SANCHIYA HONNAMMA, 1680 A.D.
- Sanchiya Honnamma (ಸಂಚಿಯ ಹೊನ್ನಮ್ಮ)
- sanciya honnamma
- 17th Century (Approximately 1680 A.D.)
- Yalanduru (yaLandUru) in Chamarajanagara district, the royal court
- Not Known (Vokkaliga?) (Belonged to the profession of providing
betel nuts and other condiments to the king. She was a disciple of
Singararya and Tirumalarya
- Chikkadevaraya (1673-1704)
- Sarasasahityada Varadevate (sarasa sAhityada varadEvate)
- Sanchiya Honnamma is one among just a handful of women poets
mentioned in the traditional histories of Kannada literature. However,
unlike Kanti and Muktayakka, Honnamma has at least written a complete
work. Helavanakatte Giriyamma also has composed a work in Sangatya. This
does not really mean that there was a total absence of women’s writings
during this period. This situation has arisen because of a marginalization
of women and their achievements in a patriarchal society. One has to take
note of the fact that even ‘Hadibadeya Dharma’ by Honnamma is more of a
guide book meant for aspiring wives and the duties prescribed are none
other than those imposed by the male controlled patriarchal system.
‘Hadibadeya Dharma’ was first published in the Karnataka Kavya Kalanidhi series edited by the
celebrated team of M.A.Ramanuja Iyyengar and S.G.Narasimhchar. A
thoroughly revised edition was published in 1940, edited by D.Champabai.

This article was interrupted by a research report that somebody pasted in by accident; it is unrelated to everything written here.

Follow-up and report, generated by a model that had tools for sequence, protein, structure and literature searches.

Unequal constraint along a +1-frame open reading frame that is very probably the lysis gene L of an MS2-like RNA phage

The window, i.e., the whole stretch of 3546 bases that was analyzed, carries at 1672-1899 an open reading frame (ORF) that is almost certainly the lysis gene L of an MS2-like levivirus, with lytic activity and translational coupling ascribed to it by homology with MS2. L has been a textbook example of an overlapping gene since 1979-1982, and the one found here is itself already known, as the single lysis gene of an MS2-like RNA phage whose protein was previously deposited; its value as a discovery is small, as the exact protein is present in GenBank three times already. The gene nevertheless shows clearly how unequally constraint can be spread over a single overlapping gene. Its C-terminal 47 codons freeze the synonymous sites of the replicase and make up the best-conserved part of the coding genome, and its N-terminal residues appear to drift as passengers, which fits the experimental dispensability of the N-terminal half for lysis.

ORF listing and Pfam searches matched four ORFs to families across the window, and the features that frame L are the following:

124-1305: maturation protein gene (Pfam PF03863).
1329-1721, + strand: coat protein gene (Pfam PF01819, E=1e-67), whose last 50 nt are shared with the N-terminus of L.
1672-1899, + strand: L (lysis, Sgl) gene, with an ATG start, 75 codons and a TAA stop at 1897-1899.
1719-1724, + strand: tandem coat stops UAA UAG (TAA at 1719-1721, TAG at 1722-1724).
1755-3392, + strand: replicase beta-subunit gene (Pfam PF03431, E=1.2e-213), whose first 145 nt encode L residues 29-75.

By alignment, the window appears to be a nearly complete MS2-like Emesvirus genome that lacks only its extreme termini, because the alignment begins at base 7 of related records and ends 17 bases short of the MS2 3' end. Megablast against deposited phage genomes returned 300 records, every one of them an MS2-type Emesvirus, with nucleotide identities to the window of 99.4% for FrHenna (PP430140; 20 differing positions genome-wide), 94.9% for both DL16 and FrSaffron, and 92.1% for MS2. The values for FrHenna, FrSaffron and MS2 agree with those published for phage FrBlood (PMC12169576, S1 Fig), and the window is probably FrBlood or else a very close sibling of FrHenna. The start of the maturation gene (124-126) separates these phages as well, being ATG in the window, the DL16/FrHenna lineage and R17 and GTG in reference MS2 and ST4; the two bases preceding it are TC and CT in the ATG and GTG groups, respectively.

This was published by the University of Mysore. Two editions with prose translations have
appeared in recent decades. One of them is renders the text in modern
prose and this task is done by N.Ranganathasharma a renowned scholar in
Sanskrit. ‘Hadibadeya Dharma’ contains nine chapters and constitutes 479
poems. The fact that they are in sangatya meter which can be rendered in
to music with utmost ease is note worthy. The author is caught in a
dilemma between her inner feelings and the value system imposed from
above. She does speak about gender bias and makes bold to say that it is
not a loss if one begets a daughter. To say that the birth of a son is
nothing special, needed some courage during those
days. She has culled out her material from religious texts such as the
‘Manusmriti’ and literary epics like the ’Ramayana’ and the
‘Mahabharatha’. She sets out to create a simple code of conduct for a
newly married woman in a transparent style. The mode of narration is
persuasive and the advice sounds very appropriate within that frame work.
In a way this shows the hollow nature of a humanistic approach in a demanding
society. Of course there is an under current of sorrow and disappointment. One finds thinly
veiled instances of feminine angst. She
has not hesitated to give advice to men also regarding the
treatment of women folk.
is essentially an ethical code with out any literary pretensions. However a
simile here and a turn of words there do succeed in charming the reader. She
has shown lyrical capabilities in situations that are suffused with human
emotions. The portrayal of a woman waiting for her husband is very poetic.
Dharma’ should be studied as an extremely rare instance where in a woman gains an entry in to the
portals of literature.
- Hadibadeya Dharma (hadibadeya dharma) (The duties of a faithful
- References: 1. ‘Honnammana Hadibadeya Dharma- vivechanatmaka
prabandha’ by Sadananda N. Naik, 1968, Usha Sahityamale, Mysore. 2. ‘Hadibadeya dharma-ondu adhyayana’ by Madhu
Venka Reddy, 1995, Kannada Sahitya Parishattu, Bangalore 3. ‘Sanchiya Honnamma’ by H.M.Shankaranarayana
Rao, 1959, Prasaranga, Mysore University 4. Hadibadeya Dharma-ondu Parichaya by
N.Kumuda, 1999, Chetana Bookhouse (Akhila Agencies), Mysore.
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